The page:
One of the most hotly contested issues in TCPA litigation is whether a communication qualifies as an advertisement. For faxes, the determination impacts whether the TCPA applies at all. For calls made and texts sent to cell phones using an autodialer, the determination dictates the necessary level of consent. Case law on the issue is inconsistent at best. Recent decisions by the Third Circuit, in Fischbein v. Olson Research Group, and the Eastern District of Pennsylvania, in Mauthe v. Millennium Health further muddy the water. Both relate to faxes, but the holdings have broader implications because courts often look to fax opinions to analyze whether a call or text qualifies as an advertisement. Mauthe also includes an important discussion on the proper level of deference given to the FCC’s TCPA orders.
The TCPA defines an “advertisement” as “any material advertising the commercial availability or quality of any property, goods, or services.” The Third Circuit’s split opinion in Fischbein is an example of how broadly some courts interpret this term. According to the majority opinion, a fax offering to pay the recipient to participate in a market research survey qualifies as an advertisement because it promotes goods or services to be bought or sold, and it has profit as an aim. In contrast, a fax requesting the recipient to participate in an unpaid survey is not an advertisement. The dissent takes issue with this expansive interpretation, arguing that an offer to purchase something, while commercial, does not advertise the availability or quality of goods or services. It also criticizes the majority for considering the recipient’s subjective perceptions of whether the communication is an advertisement and misapplying prior Third Circuit precedent. We view the dissenting opinion as more persuasive; however, the majority opinion highlights the risk of broad TCPA interpretations.
In Mauthe, the Eastern District of Pennsylvania held that a fax offering a free webinar is not an advertisement under the TCPA because it does not promote any commercially available product. On the surface, this holding seems uncontroversial. After all, the definition of advertisement requires the material to promote the commercial availability or quality of goods or services. Commercial implies an exchange of consideration, typically money. The significance of the opinion stems primarily from the court’s failure to follow the FCC’s 2006 Fax Order, which held that faxes offering free goods/services are advertisements because they are often pretexts used as part of a larger marketing campaign.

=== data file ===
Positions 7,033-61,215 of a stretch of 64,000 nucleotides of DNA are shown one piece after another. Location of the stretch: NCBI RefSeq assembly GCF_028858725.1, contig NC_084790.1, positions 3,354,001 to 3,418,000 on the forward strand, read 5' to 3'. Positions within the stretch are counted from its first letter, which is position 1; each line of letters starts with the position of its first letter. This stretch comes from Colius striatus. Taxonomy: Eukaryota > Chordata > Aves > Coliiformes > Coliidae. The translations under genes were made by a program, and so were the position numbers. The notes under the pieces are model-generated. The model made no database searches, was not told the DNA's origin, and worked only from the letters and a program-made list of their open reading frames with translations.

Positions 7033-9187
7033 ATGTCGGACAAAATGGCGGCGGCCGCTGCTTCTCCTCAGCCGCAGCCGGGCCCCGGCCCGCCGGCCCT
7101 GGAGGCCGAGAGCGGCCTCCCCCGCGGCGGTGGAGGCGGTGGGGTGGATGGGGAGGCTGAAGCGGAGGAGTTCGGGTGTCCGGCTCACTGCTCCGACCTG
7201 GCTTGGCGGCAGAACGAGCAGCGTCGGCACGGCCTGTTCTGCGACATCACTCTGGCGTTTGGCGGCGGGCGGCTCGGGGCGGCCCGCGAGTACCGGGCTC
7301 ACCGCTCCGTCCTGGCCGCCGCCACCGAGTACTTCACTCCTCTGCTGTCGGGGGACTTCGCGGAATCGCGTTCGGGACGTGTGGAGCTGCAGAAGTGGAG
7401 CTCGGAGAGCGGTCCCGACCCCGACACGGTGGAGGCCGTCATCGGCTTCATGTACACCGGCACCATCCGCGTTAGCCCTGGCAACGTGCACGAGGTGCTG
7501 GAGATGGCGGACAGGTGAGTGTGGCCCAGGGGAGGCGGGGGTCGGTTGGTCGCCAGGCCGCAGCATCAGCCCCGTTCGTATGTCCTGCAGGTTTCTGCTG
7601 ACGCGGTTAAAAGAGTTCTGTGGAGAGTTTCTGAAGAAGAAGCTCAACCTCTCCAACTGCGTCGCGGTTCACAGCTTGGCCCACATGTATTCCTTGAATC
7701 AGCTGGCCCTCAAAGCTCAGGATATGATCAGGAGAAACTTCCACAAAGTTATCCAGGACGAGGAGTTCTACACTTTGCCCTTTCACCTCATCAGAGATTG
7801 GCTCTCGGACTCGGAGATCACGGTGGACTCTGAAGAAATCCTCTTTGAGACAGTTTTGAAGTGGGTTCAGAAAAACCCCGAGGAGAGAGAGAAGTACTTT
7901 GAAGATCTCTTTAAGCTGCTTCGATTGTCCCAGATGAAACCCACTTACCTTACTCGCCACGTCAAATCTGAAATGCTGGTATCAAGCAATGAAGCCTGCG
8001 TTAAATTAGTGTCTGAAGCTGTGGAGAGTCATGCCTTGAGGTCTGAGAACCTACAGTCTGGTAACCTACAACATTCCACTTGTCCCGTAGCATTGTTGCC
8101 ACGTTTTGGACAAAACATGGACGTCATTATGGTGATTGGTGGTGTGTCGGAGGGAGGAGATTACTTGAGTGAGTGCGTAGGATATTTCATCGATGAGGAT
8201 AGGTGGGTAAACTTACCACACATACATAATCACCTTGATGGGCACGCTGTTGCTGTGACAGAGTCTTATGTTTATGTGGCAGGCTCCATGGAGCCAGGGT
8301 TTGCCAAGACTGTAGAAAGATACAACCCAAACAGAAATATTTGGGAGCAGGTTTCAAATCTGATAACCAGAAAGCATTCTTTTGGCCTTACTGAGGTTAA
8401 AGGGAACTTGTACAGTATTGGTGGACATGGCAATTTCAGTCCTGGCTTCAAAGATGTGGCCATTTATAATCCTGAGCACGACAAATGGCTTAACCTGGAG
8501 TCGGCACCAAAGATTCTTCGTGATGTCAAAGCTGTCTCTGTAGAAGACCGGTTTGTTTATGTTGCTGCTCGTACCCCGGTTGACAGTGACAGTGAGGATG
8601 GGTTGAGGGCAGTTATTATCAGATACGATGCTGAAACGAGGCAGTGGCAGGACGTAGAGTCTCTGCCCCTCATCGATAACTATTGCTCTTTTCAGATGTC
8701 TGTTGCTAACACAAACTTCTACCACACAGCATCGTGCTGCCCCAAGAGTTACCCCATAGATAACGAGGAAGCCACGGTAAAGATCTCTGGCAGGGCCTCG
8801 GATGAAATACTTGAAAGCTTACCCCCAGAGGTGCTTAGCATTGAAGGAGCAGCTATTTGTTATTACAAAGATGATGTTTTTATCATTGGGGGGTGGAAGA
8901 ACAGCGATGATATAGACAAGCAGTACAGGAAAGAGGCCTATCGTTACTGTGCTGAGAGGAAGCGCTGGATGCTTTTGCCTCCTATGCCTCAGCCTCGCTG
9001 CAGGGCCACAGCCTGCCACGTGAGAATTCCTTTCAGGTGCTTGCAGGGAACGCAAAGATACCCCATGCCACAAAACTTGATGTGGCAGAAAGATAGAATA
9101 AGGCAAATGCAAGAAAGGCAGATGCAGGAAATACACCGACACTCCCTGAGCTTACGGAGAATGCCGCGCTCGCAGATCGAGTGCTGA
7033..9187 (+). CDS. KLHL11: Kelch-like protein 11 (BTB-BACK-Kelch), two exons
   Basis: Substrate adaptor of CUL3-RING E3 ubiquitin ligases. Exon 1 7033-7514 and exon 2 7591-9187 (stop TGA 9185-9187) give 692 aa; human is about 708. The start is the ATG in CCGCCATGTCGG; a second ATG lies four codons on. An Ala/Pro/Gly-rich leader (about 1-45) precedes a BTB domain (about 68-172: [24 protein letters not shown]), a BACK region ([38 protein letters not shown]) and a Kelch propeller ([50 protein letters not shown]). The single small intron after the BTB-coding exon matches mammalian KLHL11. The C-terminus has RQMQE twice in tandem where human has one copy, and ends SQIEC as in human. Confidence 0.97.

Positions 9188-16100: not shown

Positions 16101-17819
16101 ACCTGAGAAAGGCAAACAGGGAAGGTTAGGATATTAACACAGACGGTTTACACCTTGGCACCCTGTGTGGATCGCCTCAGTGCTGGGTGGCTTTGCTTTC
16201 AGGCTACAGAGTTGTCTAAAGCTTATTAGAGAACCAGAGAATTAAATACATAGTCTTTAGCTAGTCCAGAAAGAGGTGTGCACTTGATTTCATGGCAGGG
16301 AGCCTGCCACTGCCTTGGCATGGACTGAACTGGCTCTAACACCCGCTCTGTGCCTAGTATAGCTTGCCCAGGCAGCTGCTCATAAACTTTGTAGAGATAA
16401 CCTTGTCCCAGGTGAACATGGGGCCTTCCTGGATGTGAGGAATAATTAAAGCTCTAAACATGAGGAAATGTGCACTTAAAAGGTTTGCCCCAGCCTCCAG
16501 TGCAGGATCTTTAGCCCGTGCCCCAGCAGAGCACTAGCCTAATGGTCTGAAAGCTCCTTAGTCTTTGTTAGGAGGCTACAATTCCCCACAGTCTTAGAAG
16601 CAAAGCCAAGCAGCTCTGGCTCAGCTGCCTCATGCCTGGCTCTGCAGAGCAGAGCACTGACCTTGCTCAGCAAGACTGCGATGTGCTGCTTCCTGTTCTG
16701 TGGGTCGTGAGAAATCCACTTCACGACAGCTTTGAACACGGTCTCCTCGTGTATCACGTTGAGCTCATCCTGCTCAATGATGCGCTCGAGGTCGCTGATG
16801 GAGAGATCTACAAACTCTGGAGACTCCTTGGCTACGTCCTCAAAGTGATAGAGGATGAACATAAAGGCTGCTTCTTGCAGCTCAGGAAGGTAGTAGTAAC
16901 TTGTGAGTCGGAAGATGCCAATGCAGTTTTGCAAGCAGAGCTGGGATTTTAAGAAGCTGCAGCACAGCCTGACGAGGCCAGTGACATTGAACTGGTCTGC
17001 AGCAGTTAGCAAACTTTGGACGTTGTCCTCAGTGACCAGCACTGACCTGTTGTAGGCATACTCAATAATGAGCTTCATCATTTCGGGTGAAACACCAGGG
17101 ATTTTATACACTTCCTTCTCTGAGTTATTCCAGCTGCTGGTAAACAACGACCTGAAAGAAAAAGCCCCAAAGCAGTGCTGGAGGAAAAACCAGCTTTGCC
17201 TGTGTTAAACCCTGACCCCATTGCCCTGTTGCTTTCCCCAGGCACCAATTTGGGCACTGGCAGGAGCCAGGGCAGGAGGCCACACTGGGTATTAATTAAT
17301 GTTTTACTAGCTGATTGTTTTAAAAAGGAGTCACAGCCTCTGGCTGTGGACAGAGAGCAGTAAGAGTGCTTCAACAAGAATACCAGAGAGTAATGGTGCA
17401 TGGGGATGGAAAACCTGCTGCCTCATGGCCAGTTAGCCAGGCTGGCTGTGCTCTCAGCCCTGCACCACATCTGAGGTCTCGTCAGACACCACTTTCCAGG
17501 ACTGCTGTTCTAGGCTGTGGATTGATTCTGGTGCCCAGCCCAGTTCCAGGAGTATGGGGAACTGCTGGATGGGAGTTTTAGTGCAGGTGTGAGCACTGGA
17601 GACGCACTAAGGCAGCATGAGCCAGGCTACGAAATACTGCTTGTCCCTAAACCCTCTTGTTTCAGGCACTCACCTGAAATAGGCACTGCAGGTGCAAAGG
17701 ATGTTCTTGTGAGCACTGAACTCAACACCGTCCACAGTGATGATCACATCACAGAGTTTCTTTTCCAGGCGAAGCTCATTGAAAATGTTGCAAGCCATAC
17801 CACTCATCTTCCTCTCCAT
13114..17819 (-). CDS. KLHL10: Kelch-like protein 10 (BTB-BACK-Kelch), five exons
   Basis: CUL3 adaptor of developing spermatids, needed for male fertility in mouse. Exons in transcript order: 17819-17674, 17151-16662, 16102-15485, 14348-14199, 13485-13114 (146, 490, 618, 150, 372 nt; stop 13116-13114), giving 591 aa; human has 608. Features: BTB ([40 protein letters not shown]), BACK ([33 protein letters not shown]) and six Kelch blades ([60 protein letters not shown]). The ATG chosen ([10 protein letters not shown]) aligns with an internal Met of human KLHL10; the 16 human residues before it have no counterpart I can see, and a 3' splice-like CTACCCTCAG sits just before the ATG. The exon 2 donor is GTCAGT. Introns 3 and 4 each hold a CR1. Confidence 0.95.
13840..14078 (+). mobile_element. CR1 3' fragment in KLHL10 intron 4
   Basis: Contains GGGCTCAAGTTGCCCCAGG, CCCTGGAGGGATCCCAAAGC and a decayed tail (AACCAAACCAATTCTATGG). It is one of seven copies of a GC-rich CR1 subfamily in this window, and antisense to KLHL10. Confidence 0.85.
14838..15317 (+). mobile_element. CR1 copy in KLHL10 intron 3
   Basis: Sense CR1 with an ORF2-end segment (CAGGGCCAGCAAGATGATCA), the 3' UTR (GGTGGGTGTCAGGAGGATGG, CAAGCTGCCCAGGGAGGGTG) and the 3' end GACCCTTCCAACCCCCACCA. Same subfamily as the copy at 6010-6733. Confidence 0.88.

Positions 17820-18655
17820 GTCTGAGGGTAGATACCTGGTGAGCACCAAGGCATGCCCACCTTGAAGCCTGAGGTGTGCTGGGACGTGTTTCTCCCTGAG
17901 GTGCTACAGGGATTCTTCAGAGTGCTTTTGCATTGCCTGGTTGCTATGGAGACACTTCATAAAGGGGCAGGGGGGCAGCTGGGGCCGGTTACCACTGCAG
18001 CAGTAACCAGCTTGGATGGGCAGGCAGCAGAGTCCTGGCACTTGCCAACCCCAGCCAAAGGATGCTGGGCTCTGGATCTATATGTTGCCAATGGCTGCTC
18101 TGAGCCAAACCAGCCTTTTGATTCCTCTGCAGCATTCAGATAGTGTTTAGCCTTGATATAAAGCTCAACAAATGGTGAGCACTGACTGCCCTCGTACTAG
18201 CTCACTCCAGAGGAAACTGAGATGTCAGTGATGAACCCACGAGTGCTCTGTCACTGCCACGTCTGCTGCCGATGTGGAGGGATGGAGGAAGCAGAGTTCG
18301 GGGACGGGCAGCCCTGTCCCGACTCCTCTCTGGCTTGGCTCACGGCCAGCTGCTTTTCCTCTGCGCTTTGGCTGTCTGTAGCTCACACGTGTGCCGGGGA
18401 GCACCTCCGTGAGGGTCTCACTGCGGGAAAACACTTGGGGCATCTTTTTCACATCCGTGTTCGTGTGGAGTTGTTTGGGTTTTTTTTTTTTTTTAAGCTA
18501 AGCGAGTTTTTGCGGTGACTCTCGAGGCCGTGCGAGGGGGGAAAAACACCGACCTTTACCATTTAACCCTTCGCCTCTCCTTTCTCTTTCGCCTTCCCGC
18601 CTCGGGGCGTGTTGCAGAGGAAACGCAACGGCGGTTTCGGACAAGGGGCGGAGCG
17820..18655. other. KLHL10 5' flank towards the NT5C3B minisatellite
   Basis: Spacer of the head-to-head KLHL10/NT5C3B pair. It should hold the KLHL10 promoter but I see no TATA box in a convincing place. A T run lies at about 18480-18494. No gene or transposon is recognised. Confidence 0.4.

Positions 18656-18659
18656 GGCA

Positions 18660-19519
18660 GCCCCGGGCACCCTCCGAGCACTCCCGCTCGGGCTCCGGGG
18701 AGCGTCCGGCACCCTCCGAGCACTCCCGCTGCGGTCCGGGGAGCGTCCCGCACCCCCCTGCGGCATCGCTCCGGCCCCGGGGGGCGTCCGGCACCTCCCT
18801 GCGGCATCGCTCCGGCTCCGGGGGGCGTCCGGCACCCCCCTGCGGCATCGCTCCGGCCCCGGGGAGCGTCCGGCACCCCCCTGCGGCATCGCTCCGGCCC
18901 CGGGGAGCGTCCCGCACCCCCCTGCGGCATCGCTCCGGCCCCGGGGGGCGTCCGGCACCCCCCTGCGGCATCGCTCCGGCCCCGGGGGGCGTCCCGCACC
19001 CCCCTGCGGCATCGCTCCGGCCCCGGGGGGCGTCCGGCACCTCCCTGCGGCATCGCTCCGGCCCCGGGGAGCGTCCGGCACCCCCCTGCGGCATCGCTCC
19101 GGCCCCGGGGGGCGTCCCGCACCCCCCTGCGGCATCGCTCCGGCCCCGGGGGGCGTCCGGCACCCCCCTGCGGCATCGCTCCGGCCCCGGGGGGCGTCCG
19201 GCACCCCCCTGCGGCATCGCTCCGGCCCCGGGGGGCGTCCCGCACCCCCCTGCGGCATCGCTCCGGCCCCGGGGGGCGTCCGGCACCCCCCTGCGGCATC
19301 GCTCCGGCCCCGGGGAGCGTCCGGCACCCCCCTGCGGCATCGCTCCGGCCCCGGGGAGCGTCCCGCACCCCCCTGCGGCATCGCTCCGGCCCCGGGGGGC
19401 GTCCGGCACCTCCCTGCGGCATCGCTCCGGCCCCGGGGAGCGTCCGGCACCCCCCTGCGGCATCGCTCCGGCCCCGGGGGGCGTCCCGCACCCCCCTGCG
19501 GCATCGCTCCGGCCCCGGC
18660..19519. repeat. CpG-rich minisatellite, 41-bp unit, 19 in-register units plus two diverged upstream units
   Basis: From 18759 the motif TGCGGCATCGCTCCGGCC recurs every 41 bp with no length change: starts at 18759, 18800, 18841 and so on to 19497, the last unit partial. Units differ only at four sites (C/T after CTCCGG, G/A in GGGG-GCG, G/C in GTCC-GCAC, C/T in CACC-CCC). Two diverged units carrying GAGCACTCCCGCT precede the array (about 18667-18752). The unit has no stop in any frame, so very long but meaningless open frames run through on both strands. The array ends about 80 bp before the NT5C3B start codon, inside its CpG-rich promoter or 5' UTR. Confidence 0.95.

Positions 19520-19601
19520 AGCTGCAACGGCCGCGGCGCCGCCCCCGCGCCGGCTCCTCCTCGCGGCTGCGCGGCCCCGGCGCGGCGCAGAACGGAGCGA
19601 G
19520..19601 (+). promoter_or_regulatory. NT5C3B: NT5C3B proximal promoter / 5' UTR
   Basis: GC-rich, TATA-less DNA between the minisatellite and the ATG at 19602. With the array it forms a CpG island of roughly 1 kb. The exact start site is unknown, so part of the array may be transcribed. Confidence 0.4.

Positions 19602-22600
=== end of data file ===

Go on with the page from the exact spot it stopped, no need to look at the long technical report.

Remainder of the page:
Ordinarily, district courts blindly defer to FCC orders pursuant to something called the Hobbs Act. Last year, in PDR Network, L.L.C. v. Carlton & Harris Chiropractic, Inc., the Supreme Court of the United States considered whether this amount of deference is proper. Rather than answer the question, the court remanded the case to the Fourth Circuit to determine whether the FCC Order is a legislative rule (has the force of law) or an interpretive rule (merely advises the public on its interpretation). The implication is that courts have more leeway to ignore interpretive orders than orders that equate to legislative rules. While the Fourth Circuit has not yet opined on this issue, the Mauthe court found the FCC’s 2006 Fax Order to be interpretive in nature. It further held that the Order is not entitled to deference because it is contrary to the plain language of the TCPA.
Collectively, PDR Network and district court opinions such as Mauthe open the door for plaintiffs and defendants to challenge FCC orders they do not like. This includes non-fax orders. For example, we anticipate plaintiffs will use these opinions to challenge the FCC’s express consent interpretation (giving a cell phone number to a business provides the business with express consent to make autodialed calls and send autodialed texts to that number). To get ahead of this, companies should analyze which FCC orders are most susceptible to attack and how such attacks may impact their risk profile.
* Shuqing Li contributed to this post.